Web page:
Numbness and tingling that spread upward into the legs; sharp, jabbing or burning pain; sensitivity to touch; lack of coordination; and falling are symptoms of peripheral neuropathy of the feet, notes Mayo Clinic. People who have peripheral neuropathy of the feet may also experience muscle weakness or paralysis if motor nerves are affected.
People suffer from mononeuropathy when one nerve in their feet is affected, multiple neuropathy when two or more nerves in one area are affected, and polyneuropathy when many nerves are affected, states Mayo Clinic. Poor diet, diabetes, certain medications, infections, and trauma or pressure on the nerves of the feet can cause neuropathy. Diabetics who do not control their sugar levels, people with autoimmune diseases, people with a family history of the condition, and people with kidney, liver or thyroid disorders are at greater risk of suffering from neuropathy.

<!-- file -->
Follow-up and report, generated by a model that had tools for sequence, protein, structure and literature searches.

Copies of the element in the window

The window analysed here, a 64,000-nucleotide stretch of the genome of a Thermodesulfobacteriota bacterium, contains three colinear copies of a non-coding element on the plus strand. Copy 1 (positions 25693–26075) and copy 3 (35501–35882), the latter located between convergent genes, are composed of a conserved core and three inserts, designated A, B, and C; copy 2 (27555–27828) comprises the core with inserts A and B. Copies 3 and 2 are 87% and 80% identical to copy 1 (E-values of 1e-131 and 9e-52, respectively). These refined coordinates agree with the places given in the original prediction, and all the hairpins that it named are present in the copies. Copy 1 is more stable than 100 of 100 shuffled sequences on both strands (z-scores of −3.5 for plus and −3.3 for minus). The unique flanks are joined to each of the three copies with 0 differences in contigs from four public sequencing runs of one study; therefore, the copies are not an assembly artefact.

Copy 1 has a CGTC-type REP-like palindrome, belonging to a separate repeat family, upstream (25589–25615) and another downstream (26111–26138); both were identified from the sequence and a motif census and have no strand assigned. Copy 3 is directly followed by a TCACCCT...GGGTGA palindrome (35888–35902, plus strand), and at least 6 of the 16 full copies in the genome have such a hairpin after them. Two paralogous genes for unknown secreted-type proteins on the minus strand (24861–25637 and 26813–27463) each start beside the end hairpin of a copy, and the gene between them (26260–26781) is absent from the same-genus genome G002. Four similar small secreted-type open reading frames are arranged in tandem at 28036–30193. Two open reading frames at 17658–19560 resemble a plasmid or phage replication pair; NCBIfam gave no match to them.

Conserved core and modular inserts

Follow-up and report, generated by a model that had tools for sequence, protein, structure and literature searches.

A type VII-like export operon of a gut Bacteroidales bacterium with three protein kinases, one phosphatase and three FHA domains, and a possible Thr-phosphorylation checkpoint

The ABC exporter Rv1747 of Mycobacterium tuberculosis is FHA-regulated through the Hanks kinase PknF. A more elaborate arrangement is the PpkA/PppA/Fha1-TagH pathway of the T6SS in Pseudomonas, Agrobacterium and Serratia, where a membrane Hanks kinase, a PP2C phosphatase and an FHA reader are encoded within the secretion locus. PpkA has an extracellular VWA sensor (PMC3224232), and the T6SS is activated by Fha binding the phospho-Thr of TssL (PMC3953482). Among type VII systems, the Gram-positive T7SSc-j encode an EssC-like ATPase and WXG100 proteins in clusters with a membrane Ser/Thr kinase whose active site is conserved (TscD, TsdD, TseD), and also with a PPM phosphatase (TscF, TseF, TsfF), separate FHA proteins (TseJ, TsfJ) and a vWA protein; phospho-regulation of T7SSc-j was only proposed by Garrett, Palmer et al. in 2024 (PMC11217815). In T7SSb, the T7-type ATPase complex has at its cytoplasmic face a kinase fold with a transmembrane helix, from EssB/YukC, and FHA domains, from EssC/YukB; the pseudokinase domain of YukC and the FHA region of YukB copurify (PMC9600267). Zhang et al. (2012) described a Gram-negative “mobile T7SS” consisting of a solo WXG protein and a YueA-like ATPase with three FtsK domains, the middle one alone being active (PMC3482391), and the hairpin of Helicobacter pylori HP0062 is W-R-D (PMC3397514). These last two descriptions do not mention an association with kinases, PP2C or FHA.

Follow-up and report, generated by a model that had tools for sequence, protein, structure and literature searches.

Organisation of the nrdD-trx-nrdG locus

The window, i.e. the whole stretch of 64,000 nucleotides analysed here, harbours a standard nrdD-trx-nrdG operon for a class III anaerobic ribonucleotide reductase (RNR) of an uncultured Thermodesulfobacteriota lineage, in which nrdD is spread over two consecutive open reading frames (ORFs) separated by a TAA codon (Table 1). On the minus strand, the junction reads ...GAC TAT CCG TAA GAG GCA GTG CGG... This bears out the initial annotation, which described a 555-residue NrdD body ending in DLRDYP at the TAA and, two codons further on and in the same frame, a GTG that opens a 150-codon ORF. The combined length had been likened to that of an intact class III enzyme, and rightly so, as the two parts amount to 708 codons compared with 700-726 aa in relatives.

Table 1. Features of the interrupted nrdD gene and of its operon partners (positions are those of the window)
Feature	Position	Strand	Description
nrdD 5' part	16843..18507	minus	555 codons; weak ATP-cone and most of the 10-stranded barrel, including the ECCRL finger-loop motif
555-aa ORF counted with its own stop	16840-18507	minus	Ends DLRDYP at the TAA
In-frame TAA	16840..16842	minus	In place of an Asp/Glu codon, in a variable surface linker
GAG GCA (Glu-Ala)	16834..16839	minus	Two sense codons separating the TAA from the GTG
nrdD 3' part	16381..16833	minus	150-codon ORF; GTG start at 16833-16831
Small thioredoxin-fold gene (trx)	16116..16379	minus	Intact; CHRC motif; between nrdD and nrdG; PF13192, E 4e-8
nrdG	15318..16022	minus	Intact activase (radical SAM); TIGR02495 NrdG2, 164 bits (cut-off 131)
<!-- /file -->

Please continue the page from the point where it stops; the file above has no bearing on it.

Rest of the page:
People who have foot neuropathy are at greater risk of burns and skin trauma because their feet are numb and not sensitive to temperature changes or pain, notes Mayo Clinic. Infections are another complication related to foot neuropathy, as people may be unaware of injuries and fail to treat them properly. Doctors diagnose neuropathy by collecting full medical histories from patients, conducting neurological exams and using tests such as computerized tomography, magnetic resonance imaging and nerve function tests.